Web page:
I was laying flat on my back on the living room sofa, surfing TV-channels. Two guys appeared on screen, replacing their kayaks with tiny rubber canoes which were better suited to the shallow water of a river. After a while, though, they ended up walking, legs dry above their ankles, searching for a way out […]Read More A journey I’ve never made (yet)
Loading new images of a full Moon rising over the Ostrobothnia countryside fueled my imagination. What would I see in the sky if I could make the planet Trappist-1d change places with the Earth? In the compact planet system around the ultra-cool brown dwarf star Trappist-1, the neighbour planets are almost within reach. Ok. Not exactly […]Read More Combining imagination and mathematics improves understanding
The first answer coming to mind is simply “Why not?”. But – There’s a lot more to it. First of all, teachers should be updated on space science. We all should. It’s not an easy task, though. Just reading the news about space science and space technology takes time. Understanding the basic concept often takes […]Read More Why bring space into the classroom?
The Mars Pathfinder robotic Rover, Sojourner, was the first vehicle landed to explore another planet. That happened July 4th, 1997. Until today, four rovers have successfully been operated on the surface of our red neighbour planet. March 10th, 2016, the Mars Reconnaissance Orbiter had kept a close eye at Mars for ten years. March 14th, 2016, the ExoMars […]Read More How about visiting another world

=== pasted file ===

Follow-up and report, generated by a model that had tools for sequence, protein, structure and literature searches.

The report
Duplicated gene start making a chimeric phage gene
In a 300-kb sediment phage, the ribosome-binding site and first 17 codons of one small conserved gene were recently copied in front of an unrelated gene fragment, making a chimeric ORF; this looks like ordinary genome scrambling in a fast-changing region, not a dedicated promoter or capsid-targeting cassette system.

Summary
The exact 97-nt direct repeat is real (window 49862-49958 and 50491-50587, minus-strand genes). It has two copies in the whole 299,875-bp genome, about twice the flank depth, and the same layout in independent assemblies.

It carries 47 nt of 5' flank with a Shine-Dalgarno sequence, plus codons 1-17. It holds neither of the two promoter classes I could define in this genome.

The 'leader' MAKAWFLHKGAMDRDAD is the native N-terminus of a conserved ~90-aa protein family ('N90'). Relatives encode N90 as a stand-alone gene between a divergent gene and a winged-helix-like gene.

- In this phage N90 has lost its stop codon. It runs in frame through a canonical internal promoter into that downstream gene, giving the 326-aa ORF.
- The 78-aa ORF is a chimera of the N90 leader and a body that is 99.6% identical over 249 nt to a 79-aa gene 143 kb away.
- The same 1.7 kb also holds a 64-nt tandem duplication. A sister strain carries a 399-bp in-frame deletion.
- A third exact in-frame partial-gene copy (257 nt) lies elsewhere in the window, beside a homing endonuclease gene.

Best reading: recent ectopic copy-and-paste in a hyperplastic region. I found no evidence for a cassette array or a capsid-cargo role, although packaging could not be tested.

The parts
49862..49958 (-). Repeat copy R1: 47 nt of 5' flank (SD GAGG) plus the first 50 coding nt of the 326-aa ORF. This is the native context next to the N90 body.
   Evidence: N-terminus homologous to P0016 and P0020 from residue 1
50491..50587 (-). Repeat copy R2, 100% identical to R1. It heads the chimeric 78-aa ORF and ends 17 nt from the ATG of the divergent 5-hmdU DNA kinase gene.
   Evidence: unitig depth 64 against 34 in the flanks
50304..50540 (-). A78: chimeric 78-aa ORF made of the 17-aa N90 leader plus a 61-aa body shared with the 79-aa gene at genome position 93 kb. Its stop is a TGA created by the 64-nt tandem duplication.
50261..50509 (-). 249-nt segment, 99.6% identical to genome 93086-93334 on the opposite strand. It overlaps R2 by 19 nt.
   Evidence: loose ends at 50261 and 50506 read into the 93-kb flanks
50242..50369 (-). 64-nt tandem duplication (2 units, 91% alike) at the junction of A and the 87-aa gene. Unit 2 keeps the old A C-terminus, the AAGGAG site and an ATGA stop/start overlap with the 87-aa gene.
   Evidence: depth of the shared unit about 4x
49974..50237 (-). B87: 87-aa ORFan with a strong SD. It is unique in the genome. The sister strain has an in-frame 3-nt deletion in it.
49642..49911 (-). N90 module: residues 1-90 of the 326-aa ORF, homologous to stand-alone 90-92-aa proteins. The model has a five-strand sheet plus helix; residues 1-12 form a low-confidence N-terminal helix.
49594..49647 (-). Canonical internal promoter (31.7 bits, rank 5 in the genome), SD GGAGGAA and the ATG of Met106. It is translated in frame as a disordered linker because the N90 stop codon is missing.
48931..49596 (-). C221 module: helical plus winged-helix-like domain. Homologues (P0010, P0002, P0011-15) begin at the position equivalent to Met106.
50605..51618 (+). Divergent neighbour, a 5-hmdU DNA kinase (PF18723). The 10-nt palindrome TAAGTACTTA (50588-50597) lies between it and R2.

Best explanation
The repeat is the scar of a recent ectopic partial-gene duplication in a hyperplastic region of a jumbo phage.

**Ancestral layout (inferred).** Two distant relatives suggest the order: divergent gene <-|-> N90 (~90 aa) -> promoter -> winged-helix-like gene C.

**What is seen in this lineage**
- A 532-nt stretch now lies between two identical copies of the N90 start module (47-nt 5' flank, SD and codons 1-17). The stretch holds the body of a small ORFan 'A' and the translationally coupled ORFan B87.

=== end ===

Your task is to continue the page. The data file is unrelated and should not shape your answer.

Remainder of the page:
A satellite in Low Eart Orbit, LEO, can cover just one certain area of the Earth’s surface at a time. The same thing goes when it comes to contacting the satellite. To download data from the satellite, or to send commands to the satellite is possible only during the few minutes each orbit it passes right […]Read More ‘SpaceDataHighway’ – Why and How?
Most of our satellites orbit the Earth – either in Low Earth Orbit, LEO, Medium Earth Orbit, or in Geostationary Orbit, GEO. The closer to the Earth a satellite is the shorter its period. So – What if the satellite is even further away than the geostationary satellites? Why would you place satellites that far […]Read More Satellites in extraordinary orbits
Friday, November 13th, at a conference, Professor Hannu Koskinen, gave a speech about space as an almost infinite source of surprises. Being a part of the Rosetta team, he reminded the audience about comments on the first images showing the duck-shaped comet 67P/Chyryumov-Gerasimenko. The images of Pluto, captured by New Horizons, also were more surprising […]Read More Prepare for surprises
Wherever you are early November you can see our closest planet, Venus, glimmering in the morning sky. Sometimes it appears as a morning star, sometimes like a bright evening star. Asteres planetai was the term used in ancient Greece before anyone got clues enough to build up a knowledge about these wandering stars. Now Venus […]Read More To Venus with (love?)
“It’s beautiful!” Ok. That is reason enough to look at the dark sky. But, of course, there’s more to it. The good thing is that there is a lot more you can find out about the solar system just by looking at the moon and our closest planets with the naked eye! The image above […]Read More Have a look – and see
I imagine, there might be drivers who look at speed limits as suggestions. There might as well be drivers, perhaps even male drivers, that see speed limits as suggesting a minimum speed. On facebook, people write about a flash of light out of the blue sky when they got caught by a speed camera along […]Read More Breaking the law